Buying Your First Home
If you’re one who hates surprises, here are five financial considerations to understand before you apply for a home loan.
Many of life’s significant firsts happen naturally — your first steps, your first day of school, your first date. Buying your first home can be a little trickier. Mark Sargent, regional retail mortgage manager at Zions Bank, has advice to make the process a little simpler.
“I love to spend time with my customers outlining the process,” Sargent says. “I like to help them know what to expect. I hate surprises, and I don’t like my customers to be surprised at the closing table.”
If you’re one who hates surprises — especially the kind that could cost you thousands of dollars — here are five financial considerations to understand before you apply for a home loan.
Home buyers need a credit score of at least 620 to be considered for most loans. This score is determined by how long you’ve had credit (at least three credit lines for two years is ideal), your history of making payments on time, credit utilization (best to keep it under 10 percent of the credit line if possible), and the number of inquiries into your credit (keep that number low as well, though most companies consider several inquiries for one purpose — like buying a home — to be acceptable).
“One common mistake I see is ruining credit right before closing or during the loan application process,” Sargent says. “I suggest waiting until the loan closes to buy furniture or other large ticket items.”
2. Down Payment
This can be a major barrier to home ownership for young families. Accumulating enough cash to cover part of the loan — typically 3 to 5 percent, depending on loan type — can be a long process. However, some loan types allow buyers to receive cash gifts from family members to meet this requirement. “There are even some community programs buyers may qualify for,” Sargent says. “They generally serve lower-income families and contain income restrictions.”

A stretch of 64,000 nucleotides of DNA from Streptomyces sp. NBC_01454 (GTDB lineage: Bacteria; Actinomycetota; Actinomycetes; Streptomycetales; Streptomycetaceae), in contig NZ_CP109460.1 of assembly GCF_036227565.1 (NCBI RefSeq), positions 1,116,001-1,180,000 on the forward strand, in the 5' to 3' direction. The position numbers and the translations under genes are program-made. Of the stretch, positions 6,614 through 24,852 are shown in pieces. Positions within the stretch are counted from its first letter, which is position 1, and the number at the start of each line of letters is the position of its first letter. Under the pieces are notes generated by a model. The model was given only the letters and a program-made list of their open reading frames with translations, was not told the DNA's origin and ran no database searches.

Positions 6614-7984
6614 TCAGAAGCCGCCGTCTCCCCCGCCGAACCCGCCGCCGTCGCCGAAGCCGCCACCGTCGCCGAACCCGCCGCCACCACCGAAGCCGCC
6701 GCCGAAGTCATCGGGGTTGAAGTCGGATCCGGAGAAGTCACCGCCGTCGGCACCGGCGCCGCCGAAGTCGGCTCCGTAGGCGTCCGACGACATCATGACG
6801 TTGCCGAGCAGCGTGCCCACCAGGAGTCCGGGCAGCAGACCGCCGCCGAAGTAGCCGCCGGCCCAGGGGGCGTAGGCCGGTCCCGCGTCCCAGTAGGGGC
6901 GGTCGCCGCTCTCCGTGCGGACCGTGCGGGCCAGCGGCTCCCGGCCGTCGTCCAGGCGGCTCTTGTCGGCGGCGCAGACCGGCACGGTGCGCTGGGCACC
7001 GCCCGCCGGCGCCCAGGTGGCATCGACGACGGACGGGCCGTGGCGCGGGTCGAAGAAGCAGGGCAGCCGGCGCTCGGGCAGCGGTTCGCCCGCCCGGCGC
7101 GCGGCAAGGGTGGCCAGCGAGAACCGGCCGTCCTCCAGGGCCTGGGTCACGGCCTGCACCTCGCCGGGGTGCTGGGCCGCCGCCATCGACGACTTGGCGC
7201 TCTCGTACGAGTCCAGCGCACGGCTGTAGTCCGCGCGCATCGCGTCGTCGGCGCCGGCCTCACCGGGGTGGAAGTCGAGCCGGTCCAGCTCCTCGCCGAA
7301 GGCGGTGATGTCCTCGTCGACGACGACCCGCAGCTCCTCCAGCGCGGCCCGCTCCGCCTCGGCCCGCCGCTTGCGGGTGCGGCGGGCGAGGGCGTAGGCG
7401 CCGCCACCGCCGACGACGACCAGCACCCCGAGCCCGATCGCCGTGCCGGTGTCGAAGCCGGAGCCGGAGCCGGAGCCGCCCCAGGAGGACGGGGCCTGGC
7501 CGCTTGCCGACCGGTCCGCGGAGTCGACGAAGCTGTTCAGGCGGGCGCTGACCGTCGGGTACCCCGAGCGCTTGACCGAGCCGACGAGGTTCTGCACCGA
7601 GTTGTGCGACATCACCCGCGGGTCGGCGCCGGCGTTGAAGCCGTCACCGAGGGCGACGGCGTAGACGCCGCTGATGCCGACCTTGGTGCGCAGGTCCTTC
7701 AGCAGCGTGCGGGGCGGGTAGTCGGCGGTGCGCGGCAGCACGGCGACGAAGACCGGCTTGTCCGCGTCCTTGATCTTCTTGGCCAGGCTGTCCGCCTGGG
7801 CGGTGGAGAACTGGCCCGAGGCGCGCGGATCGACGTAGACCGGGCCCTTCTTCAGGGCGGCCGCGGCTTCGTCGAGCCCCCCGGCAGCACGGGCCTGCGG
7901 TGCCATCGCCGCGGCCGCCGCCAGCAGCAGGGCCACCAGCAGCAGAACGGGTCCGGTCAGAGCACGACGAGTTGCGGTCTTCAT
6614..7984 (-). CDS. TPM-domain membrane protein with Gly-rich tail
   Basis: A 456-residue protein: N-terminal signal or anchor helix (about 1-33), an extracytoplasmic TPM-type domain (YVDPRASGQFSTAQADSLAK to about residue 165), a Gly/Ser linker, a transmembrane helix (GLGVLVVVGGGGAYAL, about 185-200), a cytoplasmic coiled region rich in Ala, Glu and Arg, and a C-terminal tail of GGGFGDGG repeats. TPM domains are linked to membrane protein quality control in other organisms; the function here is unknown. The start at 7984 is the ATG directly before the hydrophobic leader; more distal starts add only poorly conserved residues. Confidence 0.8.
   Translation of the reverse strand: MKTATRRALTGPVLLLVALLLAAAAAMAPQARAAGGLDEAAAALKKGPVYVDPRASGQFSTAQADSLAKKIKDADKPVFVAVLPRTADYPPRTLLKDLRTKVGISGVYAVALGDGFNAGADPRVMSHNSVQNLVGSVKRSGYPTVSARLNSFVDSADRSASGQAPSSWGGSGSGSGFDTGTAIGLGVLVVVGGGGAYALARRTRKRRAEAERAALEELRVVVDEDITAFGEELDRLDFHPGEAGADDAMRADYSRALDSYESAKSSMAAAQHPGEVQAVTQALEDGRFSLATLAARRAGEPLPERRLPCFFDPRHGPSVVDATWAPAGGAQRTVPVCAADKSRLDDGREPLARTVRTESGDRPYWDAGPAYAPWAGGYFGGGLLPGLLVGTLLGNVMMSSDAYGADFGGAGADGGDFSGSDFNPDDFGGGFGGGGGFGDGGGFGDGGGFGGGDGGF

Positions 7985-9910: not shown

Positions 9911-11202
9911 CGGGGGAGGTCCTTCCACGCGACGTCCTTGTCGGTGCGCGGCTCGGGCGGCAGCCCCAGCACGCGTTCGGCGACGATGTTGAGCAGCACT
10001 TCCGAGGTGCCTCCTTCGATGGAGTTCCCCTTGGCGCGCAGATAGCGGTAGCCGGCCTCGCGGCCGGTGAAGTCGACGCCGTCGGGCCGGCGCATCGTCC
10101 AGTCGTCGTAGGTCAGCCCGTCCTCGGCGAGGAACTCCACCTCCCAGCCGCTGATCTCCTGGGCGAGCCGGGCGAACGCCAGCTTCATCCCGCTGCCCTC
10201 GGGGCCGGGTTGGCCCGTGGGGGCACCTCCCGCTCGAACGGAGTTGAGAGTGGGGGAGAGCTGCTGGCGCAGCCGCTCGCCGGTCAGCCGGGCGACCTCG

Even if a buyer has a good history of making loan repayments, banks need to know that a buyer has money coming in regularly. Specifically, a bank will ensure that a person has enough income to cover all recurring debt payments, including the mortgage.
“We look at house payments, car payments, student loan payments and credit card payments,” Sargent says. “Expenses — phone bill, utilities — are not included.”
Even if a buyer has plenty of money coming in, banks must protect themselves against the unexpected. “Oftentimes, you need to have the equivalent of one to three months of payments in reserve,” Sargent says. This requirement depends on loan type.
5. Employment History
Loan applications take two years of employment history into account. Self-employed applicants may require special consideration. In most cases, self-employment requires two years of tax returns to verify that business is going well. If a person is losing money it can be difficult to get a loan.
“Being self-employed is a bit more difficult, because some people have the tendency to want to write off as much as they can in order to pay less in taxes,” Sargent says. “But that can make it difficult to get a loan, because the tax returns are showing less income. I recommend consulting with a CPA prior to filing taxes to discuss upcoming goals and plans.”